“Because I come from a background in theater, I tend to speak as I write,” says author Victor Lodato. “For me, a story always begins with character and voice. Often, the first few paragraphs or pages arrive in my head—a kind of music or rhythm, which I then follow, in an attempt to discover what’s on my mind.”
Following voices and characters hither and yon has worked incredibly well for Lodato, whose successful writing career spans poems, plays, short stories and novels. His plays have won numerous awards and have been produced widely throughout the nation and overseas. His short stories have been featured in The New Yorker and other magazines. His novel, “Mathilda Savitch,” published by Farrar, Straus and Giroux, has been translated into 13 languages and published in 16 countries.
Lodato’s writing often deals with people who are living on the edges, externally and internally. “Mathilda Savitch,” for example, is written from the perspective of an adolescent girl, and deals with her emotional struggles after the death of her sister. Its title character has been called by one critic, “a metaphysical Holden Caulfield for the terrifying present day.”
“I don’t really map things out before I begin a project,” explains Lodato. “I like to stay dumb, as a writer, especially in the early stages of creating a story. I’ll trip myself up if I try to control things or pretend that I know more than I really do. When I started “Mathilda Savitch,” I thought it might be a monologue for a play. But then the monologue kept going and, after a while, I realized that I was writing a novel.”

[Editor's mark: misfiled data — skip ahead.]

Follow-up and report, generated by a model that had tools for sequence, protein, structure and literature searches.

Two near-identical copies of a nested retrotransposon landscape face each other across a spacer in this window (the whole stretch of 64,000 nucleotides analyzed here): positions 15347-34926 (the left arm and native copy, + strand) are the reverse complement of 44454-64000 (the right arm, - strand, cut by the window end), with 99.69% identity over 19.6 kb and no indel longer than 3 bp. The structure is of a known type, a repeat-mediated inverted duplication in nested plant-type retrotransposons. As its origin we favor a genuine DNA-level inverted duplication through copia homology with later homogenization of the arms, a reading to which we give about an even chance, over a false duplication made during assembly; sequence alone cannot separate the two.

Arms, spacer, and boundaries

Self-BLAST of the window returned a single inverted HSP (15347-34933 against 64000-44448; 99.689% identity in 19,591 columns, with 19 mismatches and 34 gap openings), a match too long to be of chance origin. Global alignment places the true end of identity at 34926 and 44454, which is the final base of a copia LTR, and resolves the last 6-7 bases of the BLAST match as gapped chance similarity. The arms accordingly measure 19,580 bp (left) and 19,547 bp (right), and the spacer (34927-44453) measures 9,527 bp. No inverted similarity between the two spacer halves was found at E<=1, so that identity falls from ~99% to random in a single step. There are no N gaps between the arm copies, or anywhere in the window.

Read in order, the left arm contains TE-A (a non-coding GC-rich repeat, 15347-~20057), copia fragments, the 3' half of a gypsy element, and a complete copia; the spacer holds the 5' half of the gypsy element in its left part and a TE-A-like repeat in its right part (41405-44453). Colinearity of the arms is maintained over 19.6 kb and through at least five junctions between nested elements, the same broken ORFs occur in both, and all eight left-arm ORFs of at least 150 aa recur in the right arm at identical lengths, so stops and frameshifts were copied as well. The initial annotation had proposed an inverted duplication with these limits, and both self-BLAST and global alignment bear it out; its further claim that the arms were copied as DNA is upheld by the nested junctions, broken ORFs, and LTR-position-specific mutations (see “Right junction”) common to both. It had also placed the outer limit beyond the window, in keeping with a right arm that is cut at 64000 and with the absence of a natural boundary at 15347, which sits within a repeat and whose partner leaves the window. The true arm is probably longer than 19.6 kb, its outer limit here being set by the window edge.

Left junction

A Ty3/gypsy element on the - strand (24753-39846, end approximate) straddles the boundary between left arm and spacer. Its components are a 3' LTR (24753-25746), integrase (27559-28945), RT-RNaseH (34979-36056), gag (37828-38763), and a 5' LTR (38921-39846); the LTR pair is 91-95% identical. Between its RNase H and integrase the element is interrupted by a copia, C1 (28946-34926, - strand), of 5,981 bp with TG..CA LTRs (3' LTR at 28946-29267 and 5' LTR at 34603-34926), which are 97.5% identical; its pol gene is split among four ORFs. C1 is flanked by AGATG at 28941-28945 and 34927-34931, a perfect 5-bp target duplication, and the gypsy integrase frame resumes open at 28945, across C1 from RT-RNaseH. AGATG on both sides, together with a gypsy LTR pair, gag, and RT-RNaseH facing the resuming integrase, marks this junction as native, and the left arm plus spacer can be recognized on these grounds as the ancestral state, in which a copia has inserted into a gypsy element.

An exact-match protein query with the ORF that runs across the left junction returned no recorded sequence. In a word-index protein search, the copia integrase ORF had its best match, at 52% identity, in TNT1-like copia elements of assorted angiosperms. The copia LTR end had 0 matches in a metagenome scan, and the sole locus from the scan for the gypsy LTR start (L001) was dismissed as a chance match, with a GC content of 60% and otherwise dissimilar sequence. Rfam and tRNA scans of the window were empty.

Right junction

Lodato, who lives in Ashland, is currently polishing his second novel, an epic family saga. He readily acknowledges that it is the most complicated thing that he has undertaken as a writer.
“Writing this new novel has really stretched me,” remarks Lodato. “Moving from plays to fiction has changed my brain, changed the way I think about narrative, and it’s been a really exciting time for me, creatively.”
Because he has had to juggle his new novel with other projects, such as his musical “Arlington,” Lodato has labored on the novel for the past eight years, but doesn’t regret a minute of it.
“You can lose your mind if you think too much about time,” adds Lodato. “In our culture, one often feels that everything should be done in five minutes. It seems insane, sometimes, to say that you’ve taken on a 10-year project.”